More Videos

'What are we going to do with people who no longer have a home?' 1:19

'What are we going to do with people who no longer have a home?'

See some of the more than half a million #MeToo posts that have taken over Twitter 0:56

See some of the more than half a million #MeToo posts that have taken over Twitter

Construction workers 'are caught up in the housing crunch' too, union leader says 1:24

Construction workers 'are caught up in the housing crunch' too, union leader says

Feinstein introduces legislation to close 'automatic weapons loophole' after Las Vegas shooting 1:44

Feinstein introduces legislation to close 'automatic weapons loophole' after Las Vegas shooting

California lawmaker praises signing of diaper bill 1:03

California lawmaker praises signing of diaper bill

A look at widespread fire devastation in Santa Rosa 3:27

A look at widespread fire devastation in Santa Rosa

This Bay area activist says safe, affordable drinking water is a rural community's right 1:01

This Bay area activist says safe, affordable drinking water is a rural community's right

Watch superheroes clean the windows at Kaiser Roseville's children's center 0:59

Watch superheroes clean the windows at Kaiser Roseville's children's center

Banned books that shaped American literature 2:08

Banned books that shaped American literature

Take a look inside of what was the Rocklin Golf Club 0:55

Take a look inside of what was the Rocklin Golf Club

  • See how Jerry Brown measured California's bleak snowpack in 2015

    On April 1, 2015, Gov. Jerry Brown attended a routine snow survey at 6,800 feet in the Sierra Nevada, near Echo Summit on Highway 50 along the road to Lake Tahoe. The April survey is an annual ritual, marking the end of the winter season, in which automated sensors and technicians in the field strive to measure how much water the state’s farms and cities will receive from snowmelt. The measurements, explained by Frank Gehrke, chief of the California cooperative snow surveys program, showed the snowpack at just 5 percent of average for April 1, 2015, well below the previous record low of 25 percent, which was reached in 2014, and in 1977.

On April 1, 2015, Gov. Jerry Brown attended a routine snow survey at 6,800 feet in the Sierra Nevada, near Echo Summit on Highway 50 along the road to Lake Tahoe. The April survey is an annual ritual, marking the end of the winter season, in which automated sensors and technicians in the field strive to measure how much water the state’s farms and cities will receive from snowmelt. The measurements, explained by Frank Gehrke, chief of the California cooperative snow surveys program, showed the snowpack at just 5 percent of average for April 1, 2015, well below the previous record low of 25 percent, which was reached in 2014, and in 1977. David Siders The Sacramento Bee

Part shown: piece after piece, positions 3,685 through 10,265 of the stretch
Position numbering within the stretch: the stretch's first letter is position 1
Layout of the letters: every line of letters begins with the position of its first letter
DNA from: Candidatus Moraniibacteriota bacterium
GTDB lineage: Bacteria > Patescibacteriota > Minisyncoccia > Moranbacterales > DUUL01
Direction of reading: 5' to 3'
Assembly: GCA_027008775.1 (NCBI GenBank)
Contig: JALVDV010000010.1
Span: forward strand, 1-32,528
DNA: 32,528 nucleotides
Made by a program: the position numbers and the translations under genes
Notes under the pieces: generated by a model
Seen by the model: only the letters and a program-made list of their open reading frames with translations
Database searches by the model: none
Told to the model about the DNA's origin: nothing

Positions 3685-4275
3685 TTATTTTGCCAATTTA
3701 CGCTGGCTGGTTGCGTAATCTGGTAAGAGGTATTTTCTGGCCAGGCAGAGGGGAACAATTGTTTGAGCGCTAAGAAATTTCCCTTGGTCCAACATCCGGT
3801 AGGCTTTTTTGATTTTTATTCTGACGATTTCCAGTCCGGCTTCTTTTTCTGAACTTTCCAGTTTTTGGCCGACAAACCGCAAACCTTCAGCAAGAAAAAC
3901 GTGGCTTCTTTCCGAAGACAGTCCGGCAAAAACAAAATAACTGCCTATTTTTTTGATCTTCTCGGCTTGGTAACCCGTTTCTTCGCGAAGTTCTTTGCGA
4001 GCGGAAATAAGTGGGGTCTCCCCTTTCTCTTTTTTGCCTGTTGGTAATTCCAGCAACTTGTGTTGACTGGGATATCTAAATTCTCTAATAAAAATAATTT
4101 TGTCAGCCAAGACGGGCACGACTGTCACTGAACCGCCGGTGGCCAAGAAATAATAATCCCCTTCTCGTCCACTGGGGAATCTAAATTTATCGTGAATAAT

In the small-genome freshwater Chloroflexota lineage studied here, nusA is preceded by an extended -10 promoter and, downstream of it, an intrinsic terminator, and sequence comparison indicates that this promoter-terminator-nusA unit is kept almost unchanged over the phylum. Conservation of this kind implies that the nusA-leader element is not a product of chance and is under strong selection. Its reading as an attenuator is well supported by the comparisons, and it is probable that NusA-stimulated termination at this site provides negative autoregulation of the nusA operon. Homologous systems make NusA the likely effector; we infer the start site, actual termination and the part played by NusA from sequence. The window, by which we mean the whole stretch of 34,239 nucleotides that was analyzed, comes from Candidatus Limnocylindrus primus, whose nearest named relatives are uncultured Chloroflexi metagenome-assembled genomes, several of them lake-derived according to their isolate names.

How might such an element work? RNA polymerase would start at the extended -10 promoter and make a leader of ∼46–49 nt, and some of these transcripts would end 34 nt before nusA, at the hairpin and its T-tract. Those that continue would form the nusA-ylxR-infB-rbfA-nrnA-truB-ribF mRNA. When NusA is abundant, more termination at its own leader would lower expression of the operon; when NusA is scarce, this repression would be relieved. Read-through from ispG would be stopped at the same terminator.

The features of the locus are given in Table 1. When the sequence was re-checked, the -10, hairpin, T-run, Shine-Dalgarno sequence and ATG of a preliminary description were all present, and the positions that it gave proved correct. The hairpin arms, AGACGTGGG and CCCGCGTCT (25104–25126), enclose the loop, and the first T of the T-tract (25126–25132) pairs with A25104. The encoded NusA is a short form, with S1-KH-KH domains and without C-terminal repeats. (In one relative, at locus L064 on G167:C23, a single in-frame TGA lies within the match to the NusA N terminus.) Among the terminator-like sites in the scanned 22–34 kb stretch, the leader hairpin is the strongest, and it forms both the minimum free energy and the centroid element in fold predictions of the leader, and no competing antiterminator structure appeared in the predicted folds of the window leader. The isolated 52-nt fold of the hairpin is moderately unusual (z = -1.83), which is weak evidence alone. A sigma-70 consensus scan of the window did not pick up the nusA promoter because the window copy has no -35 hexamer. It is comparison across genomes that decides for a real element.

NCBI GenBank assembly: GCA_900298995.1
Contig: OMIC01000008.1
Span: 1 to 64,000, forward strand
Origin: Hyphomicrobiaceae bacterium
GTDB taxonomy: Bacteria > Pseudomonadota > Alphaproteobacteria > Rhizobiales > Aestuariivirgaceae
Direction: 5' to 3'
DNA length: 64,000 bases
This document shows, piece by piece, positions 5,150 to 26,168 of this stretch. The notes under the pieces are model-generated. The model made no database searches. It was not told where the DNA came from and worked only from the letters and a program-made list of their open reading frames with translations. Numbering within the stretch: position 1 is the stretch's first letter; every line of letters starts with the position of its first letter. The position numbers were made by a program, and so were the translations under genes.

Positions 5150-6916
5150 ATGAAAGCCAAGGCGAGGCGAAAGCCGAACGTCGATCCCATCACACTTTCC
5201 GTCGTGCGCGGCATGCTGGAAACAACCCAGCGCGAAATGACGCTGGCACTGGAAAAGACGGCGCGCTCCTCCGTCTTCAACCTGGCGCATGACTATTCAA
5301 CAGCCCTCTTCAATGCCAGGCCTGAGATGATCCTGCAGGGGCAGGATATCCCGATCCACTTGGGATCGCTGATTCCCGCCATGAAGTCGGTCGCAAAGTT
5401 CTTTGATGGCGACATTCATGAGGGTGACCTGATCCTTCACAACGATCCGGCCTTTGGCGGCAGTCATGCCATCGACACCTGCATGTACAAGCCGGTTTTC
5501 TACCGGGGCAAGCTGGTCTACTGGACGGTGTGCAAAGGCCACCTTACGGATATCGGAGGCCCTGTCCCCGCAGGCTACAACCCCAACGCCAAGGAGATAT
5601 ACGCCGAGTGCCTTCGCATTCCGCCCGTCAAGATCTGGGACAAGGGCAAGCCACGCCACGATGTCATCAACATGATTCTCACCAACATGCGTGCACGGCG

On April 1, 2015, Gov. Jerry Brown attended a routine snow survey at 6,800 feet in the Sierra Nevada, near Echo Summit on Highway 50 along the road to Lake Tahoe. The April survey is an annual ritual, marking the end of the winter season, in which automated sensors and technicians in the field strive to measure how much water the state’s farms and cities will receive from snowmelt. The measurements, explained by Frank Gehrke, chief of the California cooperative snow surveys program, showed the snowpack at just 5 percent of average for April 1, 2015, well below the previous record low of 25 percent, which was reached in 2014, and in 1977. David Siders The Sacramento Bee
Capitol Alert

Capitol Alert

The go-to source for news on California policy and politics

California drought fears ease, don’t vanish, with rain

April 13, 2016 1:00 PM

Comments

More Videos

'What are we going to do with people who no longer have a home?' 1:19

'What are we going to do with people who no longer have a home?'

See some of the more than half a million #MeToo posts that have taken over Twitter 0:56

See some of the more than half a million #MeToo posts that have taken over Twitter

Construction workers 'are caught up in the housing crunch' too, union leader says 1:24

Construction workers 'are caught up in the housing crunch' too, union leader says

Feinstein introduces legislation to close 'automatic weapons loophole' after Las Vegas shooting 1:44

Feinstein introduces legislation to close 'automatic weapons loophole' after Las Vegas shooting

California lawmaker praises signing of diaper bill 1:03

California lawmaker praises signing of diaper bill

A look at widespread fire devastation in Santa Rosa 3:27

A look at widespread fire devastation in Santa Rosa

This Bay area activist says safe, affordable drinking water is a rural community's right 1:01

This Bay area activist says safe, affordable drinking water is a rural community's right

Watch superheroes clean the windows at Kaiser Roseville's children's center 0:59

Watch superheroes clean the windows at Kaiser Roseville's children's center

Banned books that shaped American literature 2:08

Banned books that shaped American literature

Take a look inside of what was the Rocklin Golf Club 0:55

Take a look inside of what was the Rocklin Golf Club

  • 'What are we going to do with people who no longer have a home?'

    Ana Lugo, president of housing advocacy group North Bay Organizing Project, said on Oct. 14, 2017 that many of those displaced by the Wine Country fires need housing and protection.

Advertising



Catherine Bettar
916-321-1083
cbettar@sacbee.com

Capitol Alert staff



Amy Chance
Political editor
achance@sacbee.com
@Amy_Chance

Dan Smith
Capitol bureau chief
smith@sacbee.com
@DanielSnowSmith

Christopher Cadelago
California politics
ccadelago@sacbee.com
@ccadelago

Angela Hart
California politics
ahart@sacbee.com
@ahartreports

Alexei Koseff
Legislature
akoseff@sacbee.com
@akoseff

Taryn Luna
Lobbying and influence
tluna@sacbee.com
@tarynluna

Twitter
@CapitolAlert

Facebook
@capitolalert